The rest of the century was, let us say, confused. Many composers came up with many new ways to make music, and, on the other hand, many people thought that the art of music was coming to an end. I'd love to go into all of the experiments that were going on, from programmatic structure (would you believe Marais' "Gall Bladder Operation," a descriptive sonata for viola da gamba?) to quarter-steps and even eighth-steps. We have swept that stuff under the historical rug and kept very little of it, saving some, judged by hindsight, that would have proven to have led to the future. Ah Hindsight! How clear thou art! The point is that in the 17th century confusion reigned: nobody knew what would come of it, or what the future of music would be, if, indeed, music would have a future.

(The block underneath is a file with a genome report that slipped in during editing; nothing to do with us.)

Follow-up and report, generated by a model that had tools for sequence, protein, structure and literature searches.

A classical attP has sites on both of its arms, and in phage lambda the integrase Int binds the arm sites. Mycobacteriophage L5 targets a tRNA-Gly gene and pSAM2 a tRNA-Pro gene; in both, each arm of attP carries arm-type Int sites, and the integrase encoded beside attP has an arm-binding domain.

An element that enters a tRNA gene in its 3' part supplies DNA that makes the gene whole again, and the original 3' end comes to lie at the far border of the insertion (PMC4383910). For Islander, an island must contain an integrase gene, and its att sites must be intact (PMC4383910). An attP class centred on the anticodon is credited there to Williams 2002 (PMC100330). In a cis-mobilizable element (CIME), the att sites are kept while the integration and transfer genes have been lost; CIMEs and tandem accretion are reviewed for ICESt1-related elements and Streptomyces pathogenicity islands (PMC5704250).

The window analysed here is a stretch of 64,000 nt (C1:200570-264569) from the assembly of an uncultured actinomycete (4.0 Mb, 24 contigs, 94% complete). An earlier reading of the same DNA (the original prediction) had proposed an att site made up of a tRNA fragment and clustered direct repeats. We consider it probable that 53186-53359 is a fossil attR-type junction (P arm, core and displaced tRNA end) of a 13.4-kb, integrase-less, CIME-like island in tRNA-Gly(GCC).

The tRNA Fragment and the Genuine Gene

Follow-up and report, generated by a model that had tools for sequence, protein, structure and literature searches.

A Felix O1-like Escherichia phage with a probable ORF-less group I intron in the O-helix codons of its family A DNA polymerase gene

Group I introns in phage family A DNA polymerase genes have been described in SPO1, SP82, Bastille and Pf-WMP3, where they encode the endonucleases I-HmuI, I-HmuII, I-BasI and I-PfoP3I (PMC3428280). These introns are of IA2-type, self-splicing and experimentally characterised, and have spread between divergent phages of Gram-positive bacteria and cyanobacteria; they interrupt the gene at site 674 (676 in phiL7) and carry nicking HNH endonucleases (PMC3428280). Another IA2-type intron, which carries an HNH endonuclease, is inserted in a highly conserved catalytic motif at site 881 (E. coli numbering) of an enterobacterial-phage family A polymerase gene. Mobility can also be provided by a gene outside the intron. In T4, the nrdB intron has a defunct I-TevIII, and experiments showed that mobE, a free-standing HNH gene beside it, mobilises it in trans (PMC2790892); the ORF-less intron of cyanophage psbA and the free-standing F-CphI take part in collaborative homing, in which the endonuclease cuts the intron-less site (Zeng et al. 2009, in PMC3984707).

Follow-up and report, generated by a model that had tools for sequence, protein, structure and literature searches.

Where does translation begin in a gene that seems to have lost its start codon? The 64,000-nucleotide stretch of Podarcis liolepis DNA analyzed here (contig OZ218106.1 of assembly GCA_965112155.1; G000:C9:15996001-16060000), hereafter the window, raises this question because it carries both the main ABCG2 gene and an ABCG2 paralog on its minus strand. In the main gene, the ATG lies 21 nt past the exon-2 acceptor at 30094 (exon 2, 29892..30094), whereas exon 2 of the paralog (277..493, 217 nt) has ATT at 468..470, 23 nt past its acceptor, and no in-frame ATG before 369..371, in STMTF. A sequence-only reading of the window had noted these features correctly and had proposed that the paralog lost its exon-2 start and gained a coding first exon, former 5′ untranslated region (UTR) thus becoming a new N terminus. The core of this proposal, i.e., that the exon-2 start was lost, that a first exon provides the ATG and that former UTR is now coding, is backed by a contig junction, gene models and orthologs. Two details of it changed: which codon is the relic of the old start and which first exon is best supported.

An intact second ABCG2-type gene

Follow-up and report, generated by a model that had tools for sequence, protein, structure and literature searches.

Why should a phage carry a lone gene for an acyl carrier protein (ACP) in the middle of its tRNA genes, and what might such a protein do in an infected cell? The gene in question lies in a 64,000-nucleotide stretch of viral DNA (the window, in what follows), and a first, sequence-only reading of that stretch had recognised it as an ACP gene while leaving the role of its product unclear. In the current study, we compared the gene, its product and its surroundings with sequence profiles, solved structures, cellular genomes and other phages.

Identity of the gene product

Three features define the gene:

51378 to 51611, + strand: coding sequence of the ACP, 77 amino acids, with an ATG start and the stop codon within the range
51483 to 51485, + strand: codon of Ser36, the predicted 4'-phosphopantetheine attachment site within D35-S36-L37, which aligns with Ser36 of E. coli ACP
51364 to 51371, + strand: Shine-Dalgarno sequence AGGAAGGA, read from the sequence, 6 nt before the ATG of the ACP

And what did happen? Soon the cycle began again, with a style we now call Baroque, comparable to the old Gothic, a style seeking its means, its vocabulary. Then came a lovely period when means and meaning were equal; this was the Burgundian school of the fifteenth century and Classicism in the eighteenth. They were short periods, leading to the longest periods of all, when music would become self-conscious. The Renaissance and the Romantic periods named themselves, and each claimed itself to be the ultimate. Each thought itself the pinnacle, not just of its own cycle, but of all music, period, in all of history. They looked back at their predecessors and gave them names of opprobrium -- Gothic and Baroque both mean primitive, grotesque, unformed.